Archive for the ‘Blueberries’ Category

Centennial Songs and Recipes

Wednesday, August 15th, 2018

Like most human beings, I like thinking about summer when snow is on the ground outside. So I started contemplating my summer concert this past January when the air was crisp and cold.

I knew that Leonard Bernstein had been born in 1918 and that I wanted to salute him in the concert, particularly because I knew that he had spent some time (well, one summer) down the road from my house, at Singing Brook Farm here in Hawley, Massachusetts.

Leonard Bernstein (center) at Singing Brook Farm in 1949 with his Sister and Brother

I also knew that my voice (which is just fine but not exceptional) wasn’t up for an all-Bernstein concert. It occurred to me that the concert might be expanded to cover a range of musical figures born in 1918.

I did a little research, and it turned out that quite a few American composers and singers came into the world that year: lyricist Alan Jay Lerner, of Lerner and Loewe; Patty Andrews, of the Andrews Sisters; singer/actress Pearl Bailey; crooner/actor Robert Preston, best known as the loveable con artist in The Music Man; and many more.

I wasn’t 100 percent I wanted to make 1918 the focus of my concert until I recalled that my late mother, Janice Hallett Weisblat, was also a 1918 baby.

Baby Janice with her Mother, Clara

Jan, whom I called Taffy, didn’t have a professional-quality voice. In fact, she lost much of her vocal range singing too hard while suffering from a cold one evening when I was a small child. Nevertheless, she adored music and used the range she had left to sing her heart out whenever possible. Singing a couple of her favorite songs seemed like a wonderful way to celebrate her centennial year.

My concert, called “A Century of Songs and Singers,” will take place next Saturday, August 25 (Bernstein’s birthday), at the Federated Church on Main Street (Route 2) in Charlemont, Massachusetts. I will be accompanied by Jerry Noble, a delightful person and musician.

Please join us if you’re in the neighborhood. If you can’t come to the concert, you might like to make a dish or two from 1918 babies, as I did this week on Mass Appeal. I made Pearl Bailey’s Corn Fritters and my mother’s Blueberry Sally Lunn.

The blueberry recipe appears elsewhere on this blog as Blueberry Snap. I share the corn recipe below, along with the videos in which I make the dishes.

Pearl Bailey

Pearlie Mae’s Corn Fritters

Pearl Bailey’s “cookbook,” Pearl’s Kitchen, is pretty vague about the proportions in this recipe so I had to more or less construct them myself. I recommend her book and her music nevertheless. Pearl’s Kitchen shows off its author’s remarkable spirit. She writes:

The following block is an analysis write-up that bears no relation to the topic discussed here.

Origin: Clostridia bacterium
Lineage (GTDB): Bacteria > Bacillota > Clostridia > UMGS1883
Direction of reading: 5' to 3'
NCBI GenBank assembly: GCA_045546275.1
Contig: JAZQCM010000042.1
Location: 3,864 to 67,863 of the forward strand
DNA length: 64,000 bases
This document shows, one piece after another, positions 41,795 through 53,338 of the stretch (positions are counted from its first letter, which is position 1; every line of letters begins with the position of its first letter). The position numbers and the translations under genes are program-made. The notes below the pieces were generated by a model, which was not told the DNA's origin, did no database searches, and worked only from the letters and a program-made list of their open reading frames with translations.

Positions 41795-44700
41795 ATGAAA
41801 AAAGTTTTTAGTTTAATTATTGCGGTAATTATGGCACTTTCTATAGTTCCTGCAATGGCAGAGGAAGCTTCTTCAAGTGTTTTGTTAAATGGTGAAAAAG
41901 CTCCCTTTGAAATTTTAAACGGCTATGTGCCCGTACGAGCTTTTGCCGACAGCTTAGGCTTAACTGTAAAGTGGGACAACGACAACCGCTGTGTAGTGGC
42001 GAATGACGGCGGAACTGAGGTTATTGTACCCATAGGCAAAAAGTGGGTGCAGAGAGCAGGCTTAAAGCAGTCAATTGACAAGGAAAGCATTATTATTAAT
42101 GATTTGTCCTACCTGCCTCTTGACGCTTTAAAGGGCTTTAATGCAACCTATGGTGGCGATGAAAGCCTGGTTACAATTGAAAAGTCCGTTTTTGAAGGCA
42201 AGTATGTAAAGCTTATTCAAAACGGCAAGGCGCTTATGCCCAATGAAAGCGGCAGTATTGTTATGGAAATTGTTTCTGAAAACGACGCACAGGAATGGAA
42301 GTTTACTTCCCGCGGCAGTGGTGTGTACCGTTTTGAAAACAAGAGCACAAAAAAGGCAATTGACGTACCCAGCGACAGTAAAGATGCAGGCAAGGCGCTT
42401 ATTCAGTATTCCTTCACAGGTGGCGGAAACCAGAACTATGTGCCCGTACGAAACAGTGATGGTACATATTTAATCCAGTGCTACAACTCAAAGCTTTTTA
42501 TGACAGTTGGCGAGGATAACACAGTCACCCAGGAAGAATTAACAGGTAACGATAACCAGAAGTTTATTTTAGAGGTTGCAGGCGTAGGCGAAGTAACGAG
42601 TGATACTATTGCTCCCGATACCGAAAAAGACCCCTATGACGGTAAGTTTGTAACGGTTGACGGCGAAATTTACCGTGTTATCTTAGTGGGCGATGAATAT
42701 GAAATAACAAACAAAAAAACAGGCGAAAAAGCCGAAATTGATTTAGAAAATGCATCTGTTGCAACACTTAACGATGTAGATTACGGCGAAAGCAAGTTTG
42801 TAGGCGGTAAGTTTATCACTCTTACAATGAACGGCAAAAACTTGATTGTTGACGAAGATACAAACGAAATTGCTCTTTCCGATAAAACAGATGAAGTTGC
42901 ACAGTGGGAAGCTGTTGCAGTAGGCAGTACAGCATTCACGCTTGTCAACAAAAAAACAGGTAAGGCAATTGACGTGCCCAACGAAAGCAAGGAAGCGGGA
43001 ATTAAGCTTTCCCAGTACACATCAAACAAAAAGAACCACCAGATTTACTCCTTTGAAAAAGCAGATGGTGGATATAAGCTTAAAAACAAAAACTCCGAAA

To cook is to share, and it is as important to me as walking onto the stage to full applause. Cooking is as crucial as anything I do in life, because I like to see the smiles on people’s faces when they enjoy something I have prepared. I cook as I live.

Amen.

Ingredients:

1 cup flour
1-1/2 teaspoons sugar
1/2 teaspoon baking powder
salt and pepper to taste
1 cup milk
1 egg
2 cups lightly cooked corn kernels
butter as needed for frying

Instructions:

In a bowl combine the flour, the sugar, the baking powder, the salt, and the pepper. Make a well in the center of this mixture.

In another bowl or a measuring cup whisk together the milk and egg. Pour them into the dry ingredients, and mix. Stir in the corn kernels.

Put a pat of butter in a frying pan over medium-low heat. The butter should melt and begin to bubble but not burn. Pop in small scoops of the corn batter.

Fry on both sides. “Just let it bubble away until it browns, then turn it over,” said Pearl Bailey. Serves a crowd.

And now the videos:

Pearly Mae’s Corn Fritters

Taffy’s Blueberry Sally Lunn

Tarzan Was My Sous Chef

Thursday, August 2nd, 2018

You Tarzan, Me Cook

This week on Mass Appeal I cooked lovely seasonal foods and had an unexpected helper.

One of the fun things about appearing on this lifestyle show is that I get to meet other guests, some of whom have become friends over the years.

On Tuesday the main other guests were members of the Berkshire Theatre Group in Pittsfield, Massachusetts, who came on the show to talk about their new production of the musical Tarzan.